House Speaker Nancy Pelosi and her leadership team are mounting a pressure campaign on centrist Democrats to get them to support their party's budget resolution without a vote on the bipartisan infrastructure bill – and they now have the White House's support for a procedural move to advance them together next week.
"Today, President Biden endorsed the House Rule which will allow us to consider the budget resolution, H.R. 4 and the bipartisan infrastructure bill next week," Pelosi, D-Calif., said in a Tuesday letter. "[A]ny delay in passing the budget resolution could threaten our ability to pass this essential legislation through reconciliation. This jeopardizes the once-in-a-generation opportunity we face to enact initiatives that meet the needs of working families at this crucial time."
Pelosi's letter followed a carefully worded statement from White House Spokesman Andrew Bates supporting the speaker's proposed "rule." It would advance infrastructure and the budget resolution – which unlocks the reconciliation process through which Democrats hope to pass their $3.5 trillion spending plan without GOP votes – in tandem. The proposed rule also includes a voting bill.
But this is simply a procedural mechanism of bringing the bills to the House floor. There would be separate votes on final passage for each piece of legislation. The White House did not take a position on when those votes should happen.
"All three are critical elements of the President’s agenda, and we hope that every Democratic member supports this effort to advance these important legislative actions," Bates said.
Majority Whip James Clyburn, D-S.C., Majority Leader Steny Hoyer, D-Md., and Transportation Committee Chairman Peter DeFazio, D-Ore., also leaned on members to support next week's budget resolution vote. This campaign comes as a group of moderate Democrats led by Rep. Josh Gottheimer, D-N.J., threatens to torpedo it until the House passes the infrastructure bill.
Gottheimer in multiple public appearances hasn't backed down from his group's demands – although he told Politico and Punchbowl he's willing to negotiate with Pelosi. And his group gained some leverage this week when Rep. Brian Fitzpatrick, R-Pa., told Fox News that he believes there are enough Republicans who support the infrastructure bill to offset Democrats who might vote against it without a reconciliation bill.
But with less than a week until the House comes back, the group of nine moderates will have to stick together amid intense pressure from top Democrats.
"I would hope that none of us would do or say anything that would jeopardize passing these bills," Clyburn said on a caucus call Tuesday. "These bills are critical for us maintaining our majority, and that must reign supreme."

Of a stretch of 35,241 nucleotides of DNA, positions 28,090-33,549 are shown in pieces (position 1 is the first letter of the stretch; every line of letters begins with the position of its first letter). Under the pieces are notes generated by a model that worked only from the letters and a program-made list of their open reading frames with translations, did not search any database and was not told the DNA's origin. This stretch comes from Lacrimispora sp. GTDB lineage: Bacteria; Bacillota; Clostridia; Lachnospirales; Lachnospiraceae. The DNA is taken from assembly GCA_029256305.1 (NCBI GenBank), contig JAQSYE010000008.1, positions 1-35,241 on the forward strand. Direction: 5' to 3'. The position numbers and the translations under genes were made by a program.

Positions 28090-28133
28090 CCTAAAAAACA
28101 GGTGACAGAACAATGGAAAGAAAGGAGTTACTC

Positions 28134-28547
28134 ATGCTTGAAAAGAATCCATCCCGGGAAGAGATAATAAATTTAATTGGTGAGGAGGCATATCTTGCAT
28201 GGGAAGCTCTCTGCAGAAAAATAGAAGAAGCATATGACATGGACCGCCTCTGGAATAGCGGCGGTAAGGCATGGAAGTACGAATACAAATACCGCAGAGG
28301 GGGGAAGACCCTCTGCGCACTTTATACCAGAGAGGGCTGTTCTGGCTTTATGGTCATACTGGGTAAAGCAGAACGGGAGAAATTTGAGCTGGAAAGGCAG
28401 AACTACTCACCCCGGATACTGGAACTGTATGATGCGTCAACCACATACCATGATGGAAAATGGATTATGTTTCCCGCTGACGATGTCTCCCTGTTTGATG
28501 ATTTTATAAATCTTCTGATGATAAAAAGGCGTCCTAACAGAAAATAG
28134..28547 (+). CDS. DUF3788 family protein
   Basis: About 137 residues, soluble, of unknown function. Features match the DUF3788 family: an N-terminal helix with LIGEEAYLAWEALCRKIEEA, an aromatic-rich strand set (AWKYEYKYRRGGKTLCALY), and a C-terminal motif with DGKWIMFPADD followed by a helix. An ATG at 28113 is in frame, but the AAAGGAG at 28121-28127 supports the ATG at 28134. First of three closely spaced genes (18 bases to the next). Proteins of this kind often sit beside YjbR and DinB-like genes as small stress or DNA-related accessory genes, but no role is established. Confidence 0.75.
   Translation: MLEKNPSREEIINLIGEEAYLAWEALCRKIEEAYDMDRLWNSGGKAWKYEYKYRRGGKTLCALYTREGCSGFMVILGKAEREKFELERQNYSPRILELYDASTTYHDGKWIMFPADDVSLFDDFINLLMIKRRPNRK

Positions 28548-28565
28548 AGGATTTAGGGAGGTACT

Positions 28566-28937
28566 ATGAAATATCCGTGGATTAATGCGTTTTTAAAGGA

"It has been clear in the Senate, House and White House that we will be doing all of the above and I am hopeful that we will all vote for the rule Monday night," Hoyer added.
"Unfortunately, the Senate’s Infrastructure Investment and Jobs Act… falls short on many priorities of the House," DeFazio said in a separate letter Monday. "The Senate has had unilateral control over the infrastructure bill. If we want House priorities to be considered, we cannot let the same thing happen in reconciliation."
Gottheimer and his group of moderates said earlier this week that they "appreciate the forward procedural movement" of the bipartisan bill in Pelosi's proposed rule. But they reiterated that it should get a standalone vote "without delay."
It's not clear how all of the moderates will vote on Pelosi's rule next week. But none of them have publicly distanced themselves from voting against the budget resolution on a subsequent vote.
Democrats' agenda will be at a standstill until one of the sides budges. If the stalemate drags on it could put both pieces of legislation at risk with such tenuous Democratic majorities.
And Fitzpatrick threatened this week that Republicans could turn against the bipartisan infrastructure bill if Democrats delay a vote on that. Unanimous GOP opposition to infrastructure could enable just a handful of House Democrats – potentially progressives who believe it doesn't go far enough – to block that element of Biden's agenda.
Nevertheless, Pelosi is adamant that Democrats won't pass infrastructure and that the moderates' position is harmful to the party. "This is no time for amateur hour," she said Monday, according to Politico.
"While the bipartisan infrastructure bill offers important progress, it is not reflective of the totality of Democrats’ vision," the speaker added in her Tuesday letter. "We must also deliver the Build Back Better bill that includes our priorities that meet needs of American families."
Fox News' Caroline McKee and Peter Doocy contributed to this report.